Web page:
Following up on the post Tiles: Building square boards, let’s dig into the possibilities for building hexagonal boards with the tiles in the Green Box. That’s right: Square tiles can make perfect hex boards!

The hexagon is natures own solution for optimal utilisation of a two-dimensional space, and it is frequently used in game design for the same reasons. The virtue of the hexagonal board is that for all the six directions a piece can move the distance is equal. On square boards you always need to consider whether to allow diagonal movement or not, as this will take a piece further with fewer moves.

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3+4+4 square tiles make a small hexagonal board. From every tile there are 6 possible directions of movement.

As you probably already realise, all you really need to do to build a hexagonal board with square tiles is to move every other row half a tile sideways. If you do this, every tile will intersect with 6 other tiles, and allow for six directions of movement that are equal. If you are playing a game like “Hey, that’s my fish” (see “Hey, that’s my stuff” for the Green Box version) or “Battle Sheep”, where players move from tile to tile, then that’s really all you need to worry about.

However, a lot of games allow players to move, or build, on the intersections or borders between tiles, instead of inside the tiles themselves. The obvious example, of course, is the Settlers of Catan.

A grid built from square tiles might not look like it has the same configuration of intersections and borders as a true hexagonal grid, but the fact is that it does. On a hexagonal grid, each corner is a shared intersection between exactly three tiles, and each border between the corners is shared by exactly two tiles. If you look closely at a hexagonal grid built with square tiles, you will se that each tile is surrounded by exactly 6 intersections of three tiles each. Three along the bottom, and three along the top of the square, including the two actual corners and one point in the middle of the top/bottom side, where the two tiles of the adjacent row meet.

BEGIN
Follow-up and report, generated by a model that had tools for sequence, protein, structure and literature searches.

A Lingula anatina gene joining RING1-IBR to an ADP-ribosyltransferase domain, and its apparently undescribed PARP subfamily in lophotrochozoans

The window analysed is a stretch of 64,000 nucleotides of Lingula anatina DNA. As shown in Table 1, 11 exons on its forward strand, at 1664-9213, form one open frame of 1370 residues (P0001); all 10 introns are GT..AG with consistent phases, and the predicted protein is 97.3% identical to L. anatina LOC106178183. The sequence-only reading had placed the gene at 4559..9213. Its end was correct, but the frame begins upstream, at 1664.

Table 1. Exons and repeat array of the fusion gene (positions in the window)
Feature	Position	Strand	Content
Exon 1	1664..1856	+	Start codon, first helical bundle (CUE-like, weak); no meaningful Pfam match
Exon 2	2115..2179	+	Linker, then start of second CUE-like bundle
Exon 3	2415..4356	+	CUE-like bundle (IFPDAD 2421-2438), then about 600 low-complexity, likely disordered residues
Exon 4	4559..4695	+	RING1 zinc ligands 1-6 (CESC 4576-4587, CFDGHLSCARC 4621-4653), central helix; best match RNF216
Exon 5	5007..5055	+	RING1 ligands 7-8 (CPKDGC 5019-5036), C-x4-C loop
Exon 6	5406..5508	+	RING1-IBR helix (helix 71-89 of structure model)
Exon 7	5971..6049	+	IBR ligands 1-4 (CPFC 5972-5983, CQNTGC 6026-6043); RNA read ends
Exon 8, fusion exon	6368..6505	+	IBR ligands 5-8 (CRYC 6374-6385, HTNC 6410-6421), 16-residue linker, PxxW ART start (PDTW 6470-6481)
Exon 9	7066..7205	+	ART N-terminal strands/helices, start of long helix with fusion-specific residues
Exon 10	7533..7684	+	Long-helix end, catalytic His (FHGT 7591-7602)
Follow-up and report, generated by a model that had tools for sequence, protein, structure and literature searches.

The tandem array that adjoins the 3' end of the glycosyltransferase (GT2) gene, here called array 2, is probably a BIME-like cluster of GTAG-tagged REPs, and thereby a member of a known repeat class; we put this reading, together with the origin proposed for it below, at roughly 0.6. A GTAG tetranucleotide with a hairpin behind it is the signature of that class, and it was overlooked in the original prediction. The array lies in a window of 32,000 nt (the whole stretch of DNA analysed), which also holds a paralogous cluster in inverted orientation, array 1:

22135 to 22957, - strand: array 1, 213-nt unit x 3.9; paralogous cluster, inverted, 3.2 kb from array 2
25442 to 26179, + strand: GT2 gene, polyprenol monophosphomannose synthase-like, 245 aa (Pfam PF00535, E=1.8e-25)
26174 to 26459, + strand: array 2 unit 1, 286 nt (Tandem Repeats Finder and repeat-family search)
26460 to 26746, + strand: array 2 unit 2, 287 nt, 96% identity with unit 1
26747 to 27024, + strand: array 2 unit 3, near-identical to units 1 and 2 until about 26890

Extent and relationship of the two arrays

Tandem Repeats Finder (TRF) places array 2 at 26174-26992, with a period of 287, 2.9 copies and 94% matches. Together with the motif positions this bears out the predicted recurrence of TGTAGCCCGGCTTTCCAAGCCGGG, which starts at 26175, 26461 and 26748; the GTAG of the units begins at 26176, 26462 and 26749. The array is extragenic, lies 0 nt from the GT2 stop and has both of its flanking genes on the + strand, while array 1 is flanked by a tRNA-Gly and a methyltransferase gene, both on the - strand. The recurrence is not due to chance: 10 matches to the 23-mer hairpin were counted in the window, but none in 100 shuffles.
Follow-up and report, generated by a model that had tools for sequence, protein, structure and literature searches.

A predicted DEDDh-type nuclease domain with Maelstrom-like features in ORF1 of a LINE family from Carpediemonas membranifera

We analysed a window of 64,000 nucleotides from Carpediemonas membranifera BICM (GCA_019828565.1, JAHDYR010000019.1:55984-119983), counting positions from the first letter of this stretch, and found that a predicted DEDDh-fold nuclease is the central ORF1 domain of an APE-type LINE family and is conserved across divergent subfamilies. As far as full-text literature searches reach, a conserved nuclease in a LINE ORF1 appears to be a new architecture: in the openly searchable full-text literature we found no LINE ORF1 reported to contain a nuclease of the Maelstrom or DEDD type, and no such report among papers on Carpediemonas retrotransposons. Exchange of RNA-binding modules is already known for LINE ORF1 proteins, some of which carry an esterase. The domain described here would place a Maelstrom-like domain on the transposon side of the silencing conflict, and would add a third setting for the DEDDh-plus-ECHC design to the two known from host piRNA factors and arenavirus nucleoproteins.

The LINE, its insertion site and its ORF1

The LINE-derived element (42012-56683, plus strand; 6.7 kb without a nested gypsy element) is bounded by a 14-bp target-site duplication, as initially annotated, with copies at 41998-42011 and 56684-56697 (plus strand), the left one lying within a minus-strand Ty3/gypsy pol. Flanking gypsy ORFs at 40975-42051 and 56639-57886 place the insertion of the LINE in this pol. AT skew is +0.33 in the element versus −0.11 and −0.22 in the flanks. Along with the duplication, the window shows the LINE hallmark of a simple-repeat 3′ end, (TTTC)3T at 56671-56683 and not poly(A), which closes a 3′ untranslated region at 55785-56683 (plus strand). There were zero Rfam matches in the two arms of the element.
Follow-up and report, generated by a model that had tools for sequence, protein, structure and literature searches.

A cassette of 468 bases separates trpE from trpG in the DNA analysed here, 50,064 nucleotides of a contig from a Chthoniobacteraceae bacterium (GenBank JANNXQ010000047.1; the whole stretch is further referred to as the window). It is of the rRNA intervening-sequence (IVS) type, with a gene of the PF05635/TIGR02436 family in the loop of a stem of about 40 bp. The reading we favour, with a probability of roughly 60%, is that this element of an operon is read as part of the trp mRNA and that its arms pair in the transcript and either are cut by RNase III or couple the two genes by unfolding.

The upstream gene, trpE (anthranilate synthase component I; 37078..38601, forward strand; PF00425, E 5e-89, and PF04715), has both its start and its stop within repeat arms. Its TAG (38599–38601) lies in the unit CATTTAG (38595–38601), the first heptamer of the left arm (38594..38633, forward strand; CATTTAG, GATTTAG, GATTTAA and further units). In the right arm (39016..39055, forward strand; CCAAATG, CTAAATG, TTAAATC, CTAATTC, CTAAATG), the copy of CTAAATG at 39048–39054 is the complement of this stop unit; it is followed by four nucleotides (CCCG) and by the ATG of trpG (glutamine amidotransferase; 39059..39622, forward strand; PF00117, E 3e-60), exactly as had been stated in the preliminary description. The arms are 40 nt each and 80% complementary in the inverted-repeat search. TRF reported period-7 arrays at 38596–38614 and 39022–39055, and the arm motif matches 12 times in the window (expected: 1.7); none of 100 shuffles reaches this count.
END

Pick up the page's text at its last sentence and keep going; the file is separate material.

This means that a hexagonal game where you need to play on the corners can be achieved by considering these 6 points around each tile as corners. The distances between the corners will look like they are quite different to the eye, but for game mechanical purposes they are infact the same.

As an illustration we have manipulated this picture and shifted the positions of the dark green spots. As you can see, they do indeed create a perfect hexagonal grid.
As an illustration we have manipulated this picture and shifted the positions of the dark green spots. As you can see, they do indeed create a perfect hexagonal grid.

As a visual aid for playing hexagonal games with the Green Box, we have made the border markings along the top and bottom sides of each tile of a dark colour, whereas the central border point on the left and right sides of the tile are of a light colour. So if you stick to the dark points created by these markings, you have a perfect hexagonal board. Check out our heavily Catan-inspired game The Sutlers of Kansas to see how this works in practice.

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